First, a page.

If you know your cat does well on the road and during visits, plan ahead. Set up a “cat central” room in Grandma’s house with all the important kitty paraphernalia (litter pan, scratch post, etc.). Cats often require many days or even weeks to accept “new” pets, so for shorter visits, giving your visiting cat a private room away from the resident critters offers the best chance of a happy holiday.
10 TIPS FOR HOLIDAY PET VISITS
Many dogs love new places, though. Taking him along can save boarding costs. Besides, pets are part of the family, so we want to share our furry loves with relatives.
But when your King meets Grandma’s Sheba for the first time, how do you keep the fur from flying? How would you like a stranger sleeping in your bed, eating from your plate, or (ahem) using your toilet? Pet introductions can take days, weeks, or sometimes months to be successful, so don’t expect overnight miracles. Follow these 10 tips to keep the pets happy and safe, and stay on speaking terms with your relatives.
The Resident Pet “owns” the house and yard. Therefore, give him continued access to his territory.
Confine the Guest Pet in one room. Provide familiar bowls, beds, litter pans, and toys in the room where the owner sleeps. The owner scent helps keep the Guest Pet calm even when he’s alone, and confinement provides a familiar home base where he’s safe from the Resident Pet. Confining him behind a closed door also tells the Resident Pet that only part of her territory has been invaded. (This works for visiting kitties, too!)
Create good associations. Feed the pets on opposite sides of the closed door, or offer favorite toys or games. This helps each identify the other pet’s presence with “good stuff” and helps relieve tension.
Use baby gates. The see-through barrier allows the Guest Pet to be part of the gathering without trespassing on the Resident Pet’s turf. A baby gate also gives curious, friendly pets (especially dogs) a safe way to meet. Moveable baby gates can divide a hallway or stairs to segregate whole sections of the house when necessary.
Leash the guest dog. This keeps him under control around the resident pet. That’s especially important with a resident cat.
“Potty” dogs separately. Distract the Resident Dog with treats or a game out of sight when the Guest Dog must leave his room.
Supervise yard interactions. Once dogs experience friendly meetings through the door for a couple of days (no growls, or elevated fur—whines are okay), a nose-to-nose play meeting is possible. Be sure each dog’s owner is present.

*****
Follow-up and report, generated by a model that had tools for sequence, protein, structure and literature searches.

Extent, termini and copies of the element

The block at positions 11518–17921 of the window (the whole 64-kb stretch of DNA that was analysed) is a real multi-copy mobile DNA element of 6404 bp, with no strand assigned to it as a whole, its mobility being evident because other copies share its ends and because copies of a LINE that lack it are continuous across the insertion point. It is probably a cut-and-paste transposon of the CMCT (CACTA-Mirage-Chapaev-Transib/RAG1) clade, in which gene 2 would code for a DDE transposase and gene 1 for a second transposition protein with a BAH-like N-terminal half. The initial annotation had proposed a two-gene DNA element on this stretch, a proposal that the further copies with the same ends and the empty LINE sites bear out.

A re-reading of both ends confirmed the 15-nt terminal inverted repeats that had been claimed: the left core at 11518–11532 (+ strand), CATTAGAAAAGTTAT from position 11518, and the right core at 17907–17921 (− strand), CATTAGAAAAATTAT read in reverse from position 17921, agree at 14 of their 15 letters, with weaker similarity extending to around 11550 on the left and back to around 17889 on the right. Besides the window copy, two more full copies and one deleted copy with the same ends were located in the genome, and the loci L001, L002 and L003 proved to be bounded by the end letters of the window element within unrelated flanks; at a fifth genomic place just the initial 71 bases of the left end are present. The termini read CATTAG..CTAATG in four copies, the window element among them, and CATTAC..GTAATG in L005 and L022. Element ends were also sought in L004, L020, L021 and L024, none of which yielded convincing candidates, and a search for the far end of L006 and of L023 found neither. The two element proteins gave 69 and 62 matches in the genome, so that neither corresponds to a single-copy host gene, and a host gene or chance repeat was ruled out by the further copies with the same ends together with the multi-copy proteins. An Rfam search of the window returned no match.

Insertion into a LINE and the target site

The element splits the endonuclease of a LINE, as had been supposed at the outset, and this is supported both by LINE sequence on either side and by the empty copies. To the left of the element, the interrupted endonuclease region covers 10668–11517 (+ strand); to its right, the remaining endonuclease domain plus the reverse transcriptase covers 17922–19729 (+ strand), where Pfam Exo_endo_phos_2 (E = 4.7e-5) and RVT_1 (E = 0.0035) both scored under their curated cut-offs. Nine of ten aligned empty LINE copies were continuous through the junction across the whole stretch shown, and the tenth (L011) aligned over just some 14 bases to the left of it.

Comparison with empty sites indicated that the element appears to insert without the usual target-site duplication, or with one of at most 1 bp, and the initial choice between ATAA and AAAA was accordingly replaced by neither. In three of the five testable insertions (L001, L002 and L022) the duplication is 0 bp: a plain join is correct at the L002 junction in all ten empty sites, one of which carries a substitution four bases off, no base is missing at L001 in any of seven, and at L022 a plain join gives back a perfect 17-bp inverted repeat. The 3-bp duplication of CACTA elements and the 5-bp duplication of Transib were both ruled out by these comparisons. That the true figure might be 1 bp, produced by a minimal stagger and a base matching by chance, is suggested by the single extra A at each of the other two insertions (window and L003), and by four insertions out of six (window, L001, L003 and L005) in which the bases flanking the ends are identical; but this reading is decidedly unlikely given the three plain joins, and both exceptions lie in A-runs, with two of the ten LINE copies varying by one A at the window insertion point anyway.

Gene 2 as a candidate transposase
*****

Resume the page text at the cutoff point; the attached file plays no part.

Leash both dogs. Bring the Resident Dog out first because he “owns” the yard. Remove any toys, bones or other resources they might argue over.
Walk the leashed dogs parallel to each other on opposite sides of the yard, back and forth, slowly bringing them closer. Stop if you see tucked tail, growls, or fluffed fur—they aren’t ready to play. Play bows (“elevator butt” posture) buy the dogs a 5-10 minute off-leash game before separating them. Play time can be extended if they do well.
Don’t force interactions. When an adult kitty visits, she’ll be happy to stay in the room and wait for your visits. A resident cat also may simply disappear to a safe place in the house to avoid contact with strangers (human or furred).
It’s hard to predict first meetings. You don’t love everyone you meet—(especially weird Cousin Cylene!) so why should your pets be any different? If pets will only be together a few days, aim for management or tolerance. There will be time enough over future visits for pet-to-pet love to blossom.
Do you pet proof for the holidays? Thanksgiving and Christmas celebrations are popular times to break out the holiday trimmings, not just in terms of munchies, but decorations, too. There ARE safe foods for cats and dogs, but dangers abound as well.
Holiday homes become pet playgrounds at this time of year. Cats like our new Trinity-Kitten delight in un-decking the halls and climbing the tree. Dogs like our Shadow-Pup want to eat decorations and baptize the tree. The result is a Christmas that’s anything but merry. Refer to these tips to keep your pets safe and your holiday happy.
Pet Proof Plants from Pets
Dogs and especially puppies chew nearly anything. Cats rarely eat plants, but they do claw them and then lick/groom away the residue. Beware of holiday floral arrangements that contain pet dangers. Lilies can cause kidney failure. Holly and live mistletoe cause nausea, vomiting, diarrhea and lethargy if ingested by your pet. Poinsettias are NOT deadly but can cause nausea and/or mild vomiting. Choose pet-safe plants and set them out of paw-reach. Or consider using silk or plastic holiday plants to make an equally showy statement without the poison potential. Check out this list of dangerous plants.
Pets & Fire Hazards Don’t Mix